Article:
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Stanford summit brings together leaders in social sciences

The Center for Advanced Study in the Behavioral Sciences at Stanford recently held its first conference in nearly six decades, with talks on topics ranging from aging to Facebook.

Mathew Sumner Stanford Communication Professor Cliff Nass addresses the CASBS symposium.

Stanford Communication Professor Cliff Nass addresses the CASBS symposium.

Stanford's Center for Advanced Study in the Behavioral Sciences, or CASBS, has a slightly monastic feel. It's a palatial compound on a hill to the east of the university, a tranquil retreat for prominent scholars of the humanities and social sciences, including not a few Nobel laureates, Pulitzer Prize winners and MacArthur Fellows.

Last week, for the first time in its 58-year history, CASBS stepped down from the mountaintop to host a social sciences summit. Comprising a smorgasbord of talks by experts in fields from game theory to workplace politics, the daylong conference also featured keynote addresses from New Yorker staff writer Malcolm Gladwell and Harvard psychology Professor Steven Pinker.

Emails are stupid

The brief, interactive talks leaned toward the love triangle underlying modern society: the individual, other humans and technology.

Gladwell touched on the issue in his wide-ranging opener, suggesting that a "digital preference" for networks has caused many organizations to shift, at least temporarily, away from traditional hierarchies.

Stanford Communication professor and speaker Clifford Nass, who has made a career out of examining human-technology interactions, took a slightly darker view. While he discussed the promise held by increasing collaborations with machines, Nass also warned of the brain-ravaging effects of increasing media consumption.

"Companies now create policies that force their employees to multitask," he said. "It's an OSHA problem. It's not safe for people's brains."

Mathew SumnerNew Yorker staff writer Malcolm Gladwell gives a keynote address at the CASBS symposium.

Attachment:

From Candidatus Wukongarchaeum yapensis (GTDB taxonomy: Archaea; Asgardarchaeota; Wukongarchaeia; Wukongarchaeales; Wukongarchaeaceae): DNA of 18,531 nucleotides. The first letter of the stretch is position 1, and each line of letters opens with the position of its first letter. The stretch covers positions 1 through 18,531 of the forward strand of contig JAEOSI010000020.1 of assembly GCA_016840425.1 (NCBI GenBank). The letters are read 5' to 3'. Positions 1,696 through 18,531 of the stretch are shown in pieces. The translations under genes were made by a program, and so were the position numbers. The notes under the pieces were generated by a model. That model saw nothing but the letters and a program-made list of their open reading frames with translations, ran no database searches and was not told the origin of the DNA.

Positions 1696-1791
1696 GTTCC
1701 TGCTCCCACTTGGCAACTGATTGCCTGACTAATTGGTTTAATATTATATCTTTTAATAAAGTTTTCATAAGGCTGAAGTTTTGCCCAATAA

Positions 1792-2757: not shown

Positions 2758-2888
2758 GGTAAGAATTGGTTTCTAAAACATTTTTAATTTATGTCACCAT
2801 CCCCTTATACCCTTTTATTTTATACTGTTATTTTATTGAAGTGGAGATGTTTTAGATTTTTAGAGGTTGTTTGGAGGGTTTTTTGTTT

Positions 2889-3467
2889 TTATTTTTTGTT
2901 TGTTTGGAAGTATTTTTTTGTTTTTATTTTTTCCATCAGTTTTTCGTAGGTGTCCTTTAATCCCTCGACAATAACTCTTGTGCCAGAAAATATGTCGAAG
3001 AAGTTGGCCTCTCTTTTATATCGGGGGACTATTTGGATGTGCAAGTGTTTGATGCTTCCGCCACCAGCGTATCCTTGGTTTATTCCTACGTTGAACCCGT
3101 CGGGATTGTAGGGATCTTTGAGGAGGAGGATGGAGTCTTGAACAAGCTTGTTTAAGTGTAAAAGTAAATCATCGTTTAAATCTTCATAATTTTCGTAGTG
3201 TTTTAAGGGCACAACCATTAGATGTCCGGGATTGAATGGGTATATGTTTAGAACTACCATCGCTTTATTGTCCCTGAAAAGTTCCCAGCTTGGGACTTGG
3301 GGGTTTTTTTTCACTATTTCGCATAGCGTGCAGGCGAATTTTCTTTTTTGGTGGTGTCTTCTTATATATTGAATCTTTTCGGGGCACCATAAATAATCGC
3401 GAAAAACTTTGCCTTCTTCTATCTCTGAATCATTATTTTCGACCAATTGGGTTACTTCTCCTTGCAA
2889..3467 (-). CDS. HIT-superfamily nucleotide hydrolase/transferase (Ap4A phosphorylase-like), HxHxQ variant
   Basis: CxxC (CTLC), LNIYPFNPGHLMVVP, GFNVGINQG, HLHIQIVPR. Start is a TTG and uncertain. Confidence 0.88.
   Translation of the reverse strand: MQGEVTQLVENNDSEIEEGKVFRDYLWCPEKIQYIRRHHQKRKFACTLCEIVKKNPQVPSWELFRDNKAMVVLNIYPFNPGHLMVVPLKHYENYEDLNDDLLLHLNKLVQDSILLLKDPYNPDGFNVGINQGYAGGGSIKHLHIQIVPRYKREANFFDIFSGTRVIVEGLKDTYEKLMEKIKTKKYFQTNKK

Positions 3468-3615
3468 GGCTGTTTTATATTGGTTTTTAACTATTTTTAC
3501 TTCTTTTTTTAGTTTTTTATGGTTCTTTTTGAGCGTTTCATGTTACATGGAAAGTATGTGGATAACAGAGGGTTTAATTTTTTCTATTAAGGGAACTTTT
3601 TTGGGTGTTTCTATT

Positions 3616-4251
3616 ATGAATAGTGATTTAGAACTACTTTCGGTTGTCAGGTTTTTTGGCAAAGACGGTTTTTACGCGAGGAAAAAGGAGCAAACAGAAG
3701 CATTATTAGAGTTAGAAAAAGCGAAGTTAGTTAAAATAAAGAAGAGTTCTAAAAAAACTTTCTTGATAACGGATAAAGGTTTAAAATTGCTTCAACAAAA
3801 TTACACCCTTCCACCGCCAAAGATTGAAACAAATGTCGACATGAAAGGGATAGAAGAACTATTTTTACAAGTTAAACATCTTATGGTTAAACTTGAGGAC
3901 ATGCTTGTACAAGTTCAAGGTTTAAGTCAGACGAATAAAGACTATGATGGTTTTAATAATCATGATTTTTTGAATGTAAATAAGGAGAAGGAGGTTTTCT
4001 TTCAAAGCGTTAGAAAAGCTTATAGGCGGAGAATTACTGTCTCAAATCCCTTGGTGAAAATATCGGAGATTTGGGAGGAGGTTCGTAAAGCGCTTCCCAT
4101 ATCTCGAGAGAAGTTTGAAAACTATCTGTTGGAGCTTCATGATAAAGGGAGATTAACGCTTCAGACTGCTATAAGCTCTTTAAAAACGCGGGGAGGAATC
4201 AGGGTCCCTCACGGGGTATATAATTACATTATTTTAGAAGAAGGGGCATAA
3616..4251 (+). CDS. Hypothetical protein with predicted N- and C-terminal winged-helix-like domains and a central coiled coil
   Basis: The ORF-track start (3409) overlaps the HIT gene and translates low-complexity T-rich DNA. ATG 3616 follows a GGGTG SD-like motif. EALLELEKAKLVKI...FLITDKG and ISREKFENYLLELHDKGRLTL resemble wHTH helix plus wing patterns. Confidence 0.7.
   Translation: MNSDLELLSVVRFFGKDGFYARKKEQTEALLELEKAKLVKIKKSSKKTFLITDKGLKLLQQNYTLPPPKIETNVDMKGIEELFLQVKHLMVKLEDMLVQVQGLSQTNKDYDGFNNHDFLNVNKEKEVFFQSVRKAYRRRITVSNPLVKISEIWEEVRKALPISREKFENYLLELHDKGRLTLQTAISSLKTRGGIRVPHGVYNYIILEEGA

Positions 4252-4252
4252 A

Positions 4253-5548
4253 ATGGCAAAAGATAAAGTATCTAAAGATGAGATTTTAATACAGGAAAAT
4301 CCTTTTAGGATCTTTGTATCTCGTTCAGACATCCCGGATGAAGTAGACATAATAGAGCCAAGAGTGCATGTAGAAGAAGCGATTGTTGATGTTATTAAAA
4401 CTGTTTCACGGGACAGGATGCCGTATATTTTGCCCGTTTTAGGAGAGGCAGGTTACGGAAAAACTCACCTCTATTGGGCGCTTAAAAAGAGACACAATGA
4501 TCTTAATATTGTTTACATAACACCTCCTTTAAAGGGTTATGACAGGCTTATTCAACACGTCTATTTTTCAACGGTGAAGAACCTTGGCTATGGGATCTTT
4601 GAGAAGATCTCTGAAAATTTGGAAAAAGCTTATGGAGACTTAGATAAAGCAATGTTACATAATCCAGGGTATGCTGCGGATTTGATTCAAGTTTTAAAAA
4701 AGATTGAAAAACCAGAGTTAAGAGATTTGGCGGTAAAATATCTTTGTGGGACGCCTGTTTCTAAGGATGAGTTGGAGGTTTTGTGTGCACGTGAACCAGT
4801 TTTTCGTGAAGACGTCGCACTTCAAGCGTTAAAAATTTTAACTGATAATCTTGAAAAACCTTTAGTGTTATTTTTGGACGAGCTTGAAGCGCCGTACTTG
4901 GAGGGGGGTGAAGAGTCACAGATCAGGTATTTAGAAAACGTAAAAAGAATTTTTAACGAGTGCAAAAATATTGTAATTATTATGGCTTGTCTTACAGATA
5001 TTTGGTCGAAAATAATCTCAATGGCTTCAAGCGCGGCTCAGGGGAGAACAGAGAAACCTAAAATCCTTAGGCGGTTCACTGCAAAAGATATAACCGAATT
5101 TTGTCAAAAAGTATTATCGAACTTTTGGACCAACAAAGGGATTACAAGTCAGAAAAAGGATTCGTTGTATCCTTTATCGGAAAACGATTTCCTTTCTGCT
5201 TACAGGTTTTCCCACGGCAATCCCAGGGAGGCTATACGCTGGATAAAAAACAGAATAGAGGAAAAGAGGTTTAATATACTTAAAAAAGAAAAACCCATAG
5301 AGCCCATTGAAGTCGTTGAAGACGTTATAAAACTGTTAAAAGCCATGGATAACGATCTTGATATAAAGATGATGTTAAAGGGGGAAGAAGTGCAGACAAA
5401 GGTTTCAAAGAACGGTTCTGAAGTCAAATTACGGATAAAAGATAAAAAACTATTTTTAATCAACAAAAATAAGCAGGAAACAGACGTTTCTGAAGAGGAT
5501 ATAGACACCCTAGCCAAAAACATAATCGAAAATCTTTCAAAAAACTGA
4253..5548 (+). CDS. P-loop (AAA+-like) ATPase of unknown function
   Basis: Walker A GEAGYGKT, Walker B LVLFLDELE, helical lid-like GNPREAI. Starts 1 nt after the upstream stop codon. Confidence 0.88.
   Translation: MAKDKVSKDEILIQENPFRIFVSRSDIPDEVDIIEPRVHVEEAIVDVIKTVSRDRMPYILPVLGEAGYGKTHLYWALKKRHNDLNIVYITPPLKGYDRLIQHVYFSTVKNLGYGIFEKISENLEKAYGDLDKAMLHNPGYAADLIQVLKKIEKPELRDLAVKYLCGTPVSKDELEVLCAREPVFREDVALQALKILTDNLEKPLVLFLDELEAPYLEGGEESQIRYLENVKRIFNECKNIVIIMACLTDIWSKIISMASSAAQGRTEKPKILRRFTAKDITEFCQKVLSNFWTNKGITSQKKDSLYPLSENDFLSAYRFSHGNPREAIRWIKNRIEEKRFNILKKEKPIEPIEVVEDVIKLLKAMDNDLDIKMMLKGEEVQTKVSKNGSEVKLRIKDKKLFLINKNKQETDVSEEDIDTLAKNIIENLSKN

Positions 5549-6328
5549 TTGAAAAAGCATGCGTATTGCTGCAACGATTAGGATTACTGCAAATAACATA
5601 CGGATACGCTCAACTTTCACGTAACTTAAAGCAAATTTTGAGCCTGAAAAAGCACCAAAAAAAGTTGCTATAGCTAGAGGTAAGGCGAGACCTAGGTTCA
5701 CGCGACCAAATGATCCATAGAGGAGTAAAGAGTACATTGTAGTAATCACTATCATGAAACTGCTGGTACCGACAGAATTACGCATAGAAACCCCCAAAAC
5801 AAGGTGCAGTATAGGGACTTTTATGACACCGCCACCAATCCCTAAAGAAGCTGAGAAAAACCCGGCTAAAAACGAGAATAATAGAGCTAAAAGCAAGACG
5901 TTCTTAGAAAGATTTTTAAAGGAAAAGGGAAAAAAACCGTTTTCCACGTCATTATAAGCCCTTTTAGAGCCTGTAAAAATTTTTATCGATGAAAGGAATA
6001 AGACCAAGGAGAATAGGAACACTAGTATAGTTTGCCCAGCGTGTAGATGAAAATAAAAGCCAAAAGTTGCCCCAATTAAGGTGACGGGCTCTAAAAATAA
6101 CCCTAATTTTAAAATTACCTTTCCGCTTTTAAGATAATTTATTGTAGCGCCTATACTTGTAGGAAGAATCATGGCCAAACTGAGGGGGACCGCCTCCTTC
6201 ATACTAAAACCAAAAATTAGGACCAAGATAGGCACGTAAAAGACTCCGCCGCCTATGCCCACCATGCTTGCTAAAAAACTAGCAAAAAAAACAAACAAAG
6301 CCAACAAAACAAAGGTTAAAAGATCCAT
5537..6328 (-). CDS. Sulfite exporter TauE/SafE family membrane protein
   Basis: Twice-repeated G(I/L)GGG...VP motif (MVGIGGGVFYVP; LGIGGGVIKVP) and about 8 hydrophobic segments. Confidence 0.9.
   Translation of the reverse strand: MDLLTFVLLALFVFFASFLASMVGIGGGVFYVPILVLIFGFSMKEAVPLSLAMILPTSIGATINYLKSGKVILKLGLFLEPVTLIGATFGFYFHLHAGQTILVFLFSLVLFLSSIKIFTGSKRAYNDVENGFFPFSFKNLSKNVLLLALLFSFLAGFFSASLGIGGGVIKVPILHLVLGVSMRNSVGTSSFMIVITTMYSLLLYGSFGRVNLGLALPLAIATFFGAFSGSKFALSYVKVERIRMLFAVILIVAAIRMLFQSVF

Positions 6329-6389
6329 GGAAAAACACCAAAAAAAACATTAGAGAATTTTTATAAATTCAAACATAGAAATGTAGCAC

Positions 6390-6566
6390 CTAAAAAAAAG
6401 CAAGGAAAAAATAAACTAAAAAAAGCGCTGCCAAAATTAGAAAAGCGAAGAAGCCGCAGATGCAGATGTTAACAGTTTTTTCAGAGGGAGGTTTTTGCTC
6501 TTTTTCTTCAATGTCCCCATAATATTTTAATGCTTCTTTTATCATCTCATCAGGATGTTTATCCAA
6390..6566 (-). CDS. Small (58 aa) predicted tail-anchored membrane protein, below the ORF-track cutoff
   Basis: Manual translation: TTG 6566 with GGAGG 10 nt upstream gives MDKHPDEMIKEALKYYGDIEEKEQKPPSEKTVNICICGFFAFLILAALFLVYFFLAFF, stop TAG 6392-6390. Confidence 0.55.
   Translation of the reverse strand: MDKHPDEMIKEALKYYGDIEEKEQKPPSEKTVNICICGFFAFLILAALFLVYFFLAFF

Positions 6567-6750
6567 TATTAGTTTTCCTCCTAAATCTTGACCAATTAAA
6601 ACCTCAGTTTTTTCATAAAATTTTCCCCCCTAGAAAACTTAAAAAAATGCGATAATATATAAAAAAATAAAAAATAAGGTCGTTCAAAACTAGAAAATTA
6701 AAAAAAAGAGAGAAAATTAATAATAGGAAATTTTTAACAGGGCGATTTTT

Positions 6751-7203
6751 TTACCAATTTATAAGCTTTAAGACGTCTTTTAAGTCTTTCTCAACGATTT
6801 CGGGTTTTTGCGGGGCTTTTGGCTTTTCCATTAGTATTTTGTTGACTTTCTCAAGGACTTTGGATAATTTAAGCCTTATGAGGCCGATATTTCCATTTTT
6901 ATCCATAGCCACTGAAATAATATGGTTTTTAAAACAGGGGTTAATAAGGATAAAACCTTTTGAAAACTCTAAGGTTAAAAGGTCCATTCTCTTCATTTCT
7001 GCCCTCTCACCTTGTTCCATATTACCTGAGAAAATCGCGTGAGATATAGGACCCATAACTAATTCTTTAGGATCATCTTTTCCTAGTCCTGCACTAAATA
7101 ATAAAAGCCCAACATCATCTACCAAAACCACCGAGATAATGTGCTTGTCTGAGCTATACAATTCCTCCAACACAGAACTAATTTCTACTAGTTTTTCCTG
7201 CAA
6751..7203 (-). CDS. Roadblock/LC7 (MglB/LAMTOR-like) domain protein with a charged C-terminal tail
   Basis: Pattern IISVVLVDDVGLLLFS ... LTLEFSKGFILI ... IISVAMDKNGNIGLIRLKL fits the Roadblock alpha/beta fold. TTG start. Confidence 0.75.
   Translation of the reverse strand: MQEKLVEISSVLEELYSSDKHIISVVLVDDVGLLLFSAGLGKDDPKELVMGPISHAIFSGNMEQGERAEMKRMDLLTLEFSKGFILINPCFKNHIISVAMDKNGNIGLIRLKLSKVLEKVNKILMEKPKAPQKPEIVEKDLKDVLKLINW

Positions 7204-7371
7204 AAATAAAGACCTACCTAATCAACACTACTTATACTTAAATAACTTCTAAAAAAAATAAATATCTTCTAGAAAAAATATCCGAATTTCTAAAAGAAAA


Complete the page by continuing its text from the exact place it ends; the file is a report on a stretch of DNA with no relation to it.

New Yorker staff writer Malcolm Gladwell gives a keynote address at the CASBS symposium.

Nass has previously shown that media multitasking, such as surfing the Internet while working, results in diminished performance in a number of cognitive tasks.

Consumption of multiple media streams is increasingly popular, Nass explained, and seems to be tied to a desire to be distracted – a desire that makes people drop their work as soon as a new email comes in.

"There's a personality associated with heavy multitaskers," he said. "They tend to believe that new things are better than old things. Of course, with emails there's no evidence of that. The vast majority of emails are stupid."

Facebook for hunter-gatherers

In contrast, James Fowler, professor of Medical Genetics and Political Science at the University of California-San Diego, demonstrated a way in which new technologies haven't changed human behavior, but have instead helped reveal some fundamental, ancient tendencies.

Fowler studies social networks, which naturally leads him to Facebook as a source of data. His research into how even peripheral connections in a social network may influence behavior – for instance, having an obese friend of a friend makes a person  10 percent more likely to be obese – has made extensive use of the website's massive user base.

"As a matter of fact, if I have all the information about all of your friends, I can better predict your behavior than if I know everything about you," Fowler said.

But, perhaps more surprisingly, Fowler's Facebook data outline a social networking pattern that seems more or less constant across cultures.

Fowler's research on the Hadza, a hunter-gatherer people from Tanzania, shows that their social networks have strong structural similarities to the network of the average Facebook user.

"We're a lot more similar than we appear," Fowler said.

The twilight years

The work of Laura Carstensen, Stanford professor of Public Policy and of Psychology and director of the Stanford Center on Longevity, focuses on a dramatic scientific advance that is almost taken for granted now – the extension of the average human lifespan.

To drive home the magnitude of the achievement, she said, "More years were added to average life expectancy in the 20th century than all the years added during all the other millennia in human history."

Of course, this remarkable advance has brought a whole new set of problems to the fore – "arguably one of the greatest challenges of the 21st century," as Carstensen put it. By 2030, a fifth of the U.S. population will be over 65.

But, as Carstensen's research into longevity and emotional health has shown, old age doesn't have to be twilit. While seniors demonstrate cognitive decline in some areas, they show increased abilities in others, such as the ability to remember information with positive associations. And Carstensen feels that popular concern over aging workforces is similarly overstated – the job market, she said, is not a zero-sum game.

The summit was sponsored primarily by SAGE Publications.

Media Contact

Estelle Lau, Center for Advanced Study in the Behavioral Sciences: (650) 736-0172, etlau@stanford.edu

Max McClure, Stanford News Service: (650) 725-6737, maxmc@stanford.edu